Portland's Andy Poling gaining attention

PORTLAND, OR: "I'm used to it," Poling said of playing in front of high profile coaches. "It makes me play harder. I've played before in the big tournaments last year so it wasn't as big of a deal to me this time.

PORTLAND, OR: "I'm used to it," Poling said of playing in front of high profile coaches. "It makes me play harder. I've played before in the big tournaments last year so it wasn't as big of a deal to me this time.

"There was a bunch of coaches in the gym and stuff. I thought I played well on the block and outside a little bit as well as running the floor that's pretty much what I do best."

While he is used to the attention, that didn't make the experience any less exciting.

"I thought it was pretty cool and pretty special," he said. "It's pretty awesome when you see almost every Pac-10 school in the gym. Plus guys like Kentucky and Gonzaga and some other schools, it was pretty special."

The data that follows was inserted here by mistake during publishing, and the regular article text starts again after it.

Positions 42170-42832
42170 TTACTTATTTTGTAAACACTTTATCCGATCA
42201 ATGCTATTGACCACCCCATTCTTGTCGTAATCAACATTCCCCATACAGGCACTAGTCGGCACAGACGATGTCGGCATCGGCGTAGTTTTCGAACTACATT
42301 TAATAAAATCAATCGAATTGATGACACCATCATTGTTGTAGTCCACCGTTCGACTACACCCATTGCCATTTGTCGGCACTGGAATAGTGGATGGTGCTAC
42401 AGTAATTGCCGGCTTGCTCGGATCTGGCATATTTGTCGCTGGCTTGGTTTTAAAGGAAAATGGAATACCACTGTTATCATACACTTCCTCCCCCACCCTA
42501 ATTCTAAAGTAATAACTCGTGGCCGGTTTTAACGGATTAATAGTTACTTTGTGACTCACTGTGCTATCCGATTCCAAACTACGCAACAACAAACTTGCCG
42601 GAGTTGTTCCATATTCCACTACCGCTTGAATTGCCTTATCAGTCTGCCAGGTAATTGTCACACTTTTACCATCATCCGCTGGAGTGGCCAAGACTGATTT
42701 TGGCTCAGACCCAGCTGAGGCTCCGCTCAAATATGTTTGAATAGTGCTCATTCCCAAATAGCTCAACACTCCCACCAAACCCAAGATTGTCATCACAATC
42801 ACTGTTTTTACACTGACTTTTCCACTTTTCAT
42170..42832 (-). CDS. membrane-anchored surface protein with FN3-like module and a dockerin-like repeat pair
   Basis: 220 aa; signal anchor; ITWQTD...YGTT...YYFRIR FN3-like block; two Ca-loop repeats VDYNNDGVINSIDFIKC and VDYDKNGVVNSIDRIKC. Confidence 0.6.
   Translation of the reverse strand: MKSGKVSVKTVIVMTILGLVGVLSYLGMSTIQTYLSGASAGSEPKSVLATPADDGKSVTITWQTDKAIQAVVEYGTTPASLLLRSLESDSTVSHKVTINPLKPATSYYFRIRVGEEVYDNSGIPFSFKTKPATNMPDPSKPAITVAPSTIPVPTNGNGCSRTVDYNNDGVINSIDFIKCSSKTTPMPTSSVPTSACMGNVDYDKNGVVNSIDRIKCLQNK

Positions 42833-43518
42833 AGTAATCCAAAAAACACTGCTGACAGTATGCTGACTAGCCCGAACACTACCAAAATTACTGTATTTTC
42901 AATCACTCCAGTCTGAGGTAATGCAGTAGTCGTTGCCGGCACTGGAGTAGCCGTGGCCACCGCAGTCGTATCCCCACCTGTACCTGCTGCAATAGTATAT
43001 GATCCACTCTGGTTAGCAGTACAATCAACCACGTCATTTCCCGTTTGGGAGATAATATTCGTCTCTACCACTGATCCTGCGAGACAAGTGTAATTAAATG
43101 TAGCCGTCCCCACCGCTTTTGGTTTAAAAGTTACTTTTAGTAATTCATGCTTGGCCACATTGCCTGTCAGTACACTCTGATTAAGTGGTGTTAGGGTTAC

Poling said Ben Howland (UCLA), Lute Olson (Arizona) and Lorenzo Romar (Washington) were the coaches that he noticed the most this weekend. He also noticed an ACC coach at one of his games.

"Roy Williams came to our second game," said Poling, who averaged 18 points and 10 rebounds for Portland (Ore.) Westview last season.

At this point North Carolina hasn't shown a substantial amount of interest, but the Tar Heel staff was in touch with Poling's high school coach prior to Kingwood.

"A little bit through email through my high school coach but not so much with me, maybe soon," Poling said. "I would consider them."

Scout.com's 3rd ranked center in the class of 2008 mentioned Gonzaga, Washington, Kentucky and Arizona as the schools that are showing the most interest. However, he's still in the early stages of his recruitment, and would love to see more coaches at his games this weekend in Las Vegas.

"Oh yeah, sure," Poling responded when asked if he was open to hearing from more schools. "Just because a school hasn't come in yet doesn't mean that I'm not going to look at them. A lot of schools don't like to come in with the younger guys like some schools do. They like to wait until you're older."


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